Prairie Pioneer Prostitutes' tells us the town's name was really Klondike City, but a favorite dish there was Lousetown Oyster Cocktail. The recipe includes both oysters and good whiskey, but the author notes, "If good whiskey is not available, bad whiskey may be substituted."

All of Jay Moynahan's books, not just the cookbooks, are published by Chickadee Publishing in Spokane, Washington, and are described on his Soiled Doves website. Read down (don't scroll down, you'll miss some good stuff including the Delightful Dove link) until you see the author's picture, then click on it to get to the Book Sale page. They are very reasonably priced. They're also sure-fire conversation starters when your pastor, priest, or rabbi sees them on your coffee table.

Now, where can I get four pounds of boned beaver for that Liberation Beaver Stew?

Friday, April 21, 2006

Making Buildings Immune

"Today there is heightened concern about our vulnerability to chemical or biological warfare agents. As the technologies to manufacture such weapons become increasingly available around the world, as evidence grows regarding rogue nation – and terrorist – interest in the use of these weapons, and as attacks continue on our overseas military and diplomatic installations in the post-Cold War environment, it is becoming increasingly clear that our buildings are potential targets for attack by chemical and biological agents."

That statement comes from the Defense Advanced Research Projects Agency (DARPA).

Is the day coming when military buildings will effectively shield their occupants from chemical and biological weapons? If DARPA is successful, the answer is a definite yes. To achieve that objective, DARPA's Special Projects Office has begun the Immune Building Program. The program will first be applied to military buildings. The program's objectives are:
  • Protect human occupants by stopping or neutralizing chemical or biological agents before they reach the building
  • Restore the building's original function by quickly decontaminating it
  • Preserve forensic evidence

The military's traditional defenses against chemical and biological attack have been limited to battlefields. Protect individual troops. Very little effort had been put into trying to defend buildings and thereby protect the people who occupy them. That's changing.

The Immune Building Program wants to make buildings less attractive targets by better protecting them. Deter the attack by convincing the attacker that he is unlikely to achieve his desired objective. The approach is to reduce the effectiveness of an attack by active and passive responses of heating-ventilaton-air conditioning systems (HVAC) and other infrastructure modifications such as filtration, sealants, and chemical neutralization.

The success of such a program depends first on having systems of sensors and processors that give the earliest warning possible. Recognizing that, DARPA has begun a collateral effort, the Sensors for Immune Buildings Program. As its name implies, "this program develops point and stand-off sensors to enable the protection of military facilities and the associated military and civilian work forces." The capablities of those sensors are described in the link.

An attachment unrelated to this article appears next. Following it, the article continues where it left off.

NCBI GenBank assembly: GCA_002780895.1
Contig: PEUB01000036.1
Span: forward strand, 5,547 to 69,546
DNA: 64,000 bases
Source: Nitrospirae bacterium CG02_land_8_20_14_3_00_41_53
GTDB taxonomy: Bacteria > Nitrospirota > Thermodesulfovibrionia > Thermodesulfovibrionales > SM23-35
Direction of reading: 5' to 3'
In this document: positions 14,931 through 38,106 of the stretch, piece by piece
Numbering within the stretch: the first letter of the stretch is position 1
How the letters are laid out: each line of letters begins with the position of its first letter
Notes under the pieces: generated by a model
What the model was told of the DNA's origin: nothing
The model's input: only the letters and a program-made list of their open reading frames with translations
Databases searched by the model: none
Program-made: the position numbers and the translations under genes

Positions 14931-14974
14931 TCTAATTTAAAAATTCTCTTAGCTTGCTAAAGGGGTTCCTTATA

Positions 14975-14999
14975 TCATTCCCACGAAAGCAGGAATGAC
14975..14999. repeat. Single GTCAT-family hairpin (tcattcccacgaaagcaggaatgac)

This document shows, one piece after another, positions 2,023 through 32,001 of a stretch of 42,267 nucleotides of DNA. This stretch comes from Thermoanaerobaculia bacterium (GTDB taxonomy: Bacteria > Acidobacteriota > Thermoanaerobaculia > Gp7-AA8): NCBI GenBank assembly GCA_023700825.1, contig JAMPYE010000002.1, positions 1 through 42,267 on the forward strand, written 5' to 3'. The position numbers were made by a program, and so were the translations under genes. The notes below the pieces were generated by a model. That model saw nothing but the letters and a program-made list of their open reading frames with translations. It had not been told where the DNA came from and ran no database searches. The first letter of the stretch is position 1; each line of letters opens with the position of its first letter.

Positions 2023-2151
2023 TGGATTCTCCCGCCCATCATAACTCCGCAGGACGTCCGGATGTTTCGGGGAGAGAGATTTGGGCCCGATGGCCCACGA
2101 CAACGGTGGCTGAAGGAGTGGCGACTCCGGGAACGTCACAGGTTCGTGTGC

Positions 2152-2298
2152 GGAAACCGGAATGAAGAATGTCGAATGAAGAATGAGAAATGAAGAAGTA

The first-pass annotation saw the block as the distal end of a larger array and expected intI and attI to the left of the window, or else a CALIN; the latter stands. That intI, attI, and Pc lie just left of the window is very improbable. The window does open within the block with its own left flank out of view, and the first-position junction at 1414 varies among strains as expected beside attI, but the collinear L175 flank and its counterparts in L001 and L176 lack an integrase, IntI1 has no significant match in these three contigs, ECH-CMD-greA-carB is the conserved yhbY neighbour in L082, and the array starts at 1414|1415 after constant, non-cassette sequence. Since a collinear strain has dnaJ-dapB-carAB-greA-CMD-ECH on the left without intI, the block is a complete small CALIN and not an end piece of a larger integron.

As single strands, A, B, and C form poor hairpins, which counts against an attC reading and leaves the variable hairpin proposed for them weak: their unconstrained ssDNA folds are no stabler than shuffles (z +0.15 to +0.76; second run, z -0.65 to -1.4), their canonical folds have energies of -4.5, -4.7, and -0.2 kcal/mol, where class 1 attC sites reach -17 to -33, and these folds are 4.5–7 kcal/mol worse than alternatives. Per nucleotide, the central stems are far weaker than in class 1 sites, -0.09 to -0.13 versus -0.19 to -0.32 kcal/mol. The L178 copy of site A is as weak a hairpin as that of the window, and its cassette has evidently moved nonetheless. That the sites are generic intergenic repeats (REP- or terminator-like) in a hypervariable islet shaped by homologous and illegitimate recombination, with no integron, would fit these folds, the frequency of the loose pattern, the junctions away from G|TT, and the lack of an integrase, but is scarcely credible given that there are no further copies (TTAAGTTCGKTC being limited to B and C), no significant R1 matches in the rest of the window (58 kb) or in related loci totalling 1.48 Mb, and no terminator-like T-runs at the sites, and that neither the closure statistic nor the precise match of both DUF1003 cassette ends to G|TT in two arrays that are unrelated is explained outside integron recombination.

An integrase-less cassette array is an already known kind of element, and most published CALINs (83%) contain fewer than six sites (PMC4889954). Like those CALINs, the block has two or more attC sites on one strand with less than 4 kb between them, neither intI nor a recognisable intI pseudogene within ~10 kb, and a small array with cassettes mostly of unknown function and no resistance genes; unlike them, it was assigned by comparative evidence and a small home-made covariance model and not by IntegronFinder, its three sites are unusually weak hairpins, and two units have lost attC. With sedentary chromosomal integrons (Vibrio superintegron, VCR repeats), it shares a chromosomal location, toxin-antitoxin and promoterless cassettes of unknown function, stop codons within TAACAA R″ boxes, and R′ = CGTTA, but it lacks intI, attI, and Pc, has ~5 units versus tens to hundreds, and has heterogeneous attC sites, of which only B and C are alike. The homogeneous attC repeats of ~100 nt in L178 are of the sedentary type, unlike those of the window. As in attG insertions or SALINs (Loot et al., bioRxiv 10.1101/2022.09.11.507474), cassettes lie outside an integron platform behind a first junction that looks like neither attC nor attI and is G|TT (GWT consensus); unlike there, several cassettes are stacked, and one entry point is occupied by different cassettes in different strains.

So, is the day coming when we in Coeur d'Alene, Idaho, will have buildings immune to accidental or intentional chemical or biological contamination? Will there be a time when our own local hospital, Kootenai Medical Center, might be able to safely shelter in place rather than consider evacuation in response to a massive chemical spill on US Highway 95? Might our area's schools, office buildings, and county jail someday be immune buildings?

Probably.

DARPA's project timeline hopes to have its first operational demonstration of an Immune Building system in the second quarter of FY 2006. However, the capability to produce Immune Buildings is being done in the private sector. Assuming the Immune Building technologies and procedures are unclassified, they could begin to appear commercially within a very few years.

Wednesday, April 19, 2006

The Needs of Forensic Service Providers

In March 2006 the National Institute of Justice (NIJ - the research, development, and evaluation agency of the US Department of Justice) delivered Status and Needs of Forensic Service Providers: A Report to Congress to the Senate Committee on Appropriations.

"It presents the recommendations of four professional organizations: (1) The National Association of Medical Examiners, (2) the American Society of Crime Lab Directors, (3) the International Association for Identification, and (4) the American Academy of Forensic Sciences.
The report supports the creation of a national Forensic Science Commission to review the field’s long-term needs at all levels. It covers four areas:

  1. Manpower and equipment needs.
  2. Continuing education policies.
  3. Professionalism and accreditation standards.
  4. Collaboration among Federal, State, and local forensic science laboratories."

The material quoted was extracted from the National Institute of Justice's Publications webpage. That page includes links to material from each of the organizations presenting formal comments at the NIJ Summit on Forensic Science Services.

The February 28, 2006, Whitecaps post linked readers to The President's DNA Initiative mentioned earlier in the quoted text.



Wednesday, April 12, 2006

Partisanship in Public Safety Executive Selection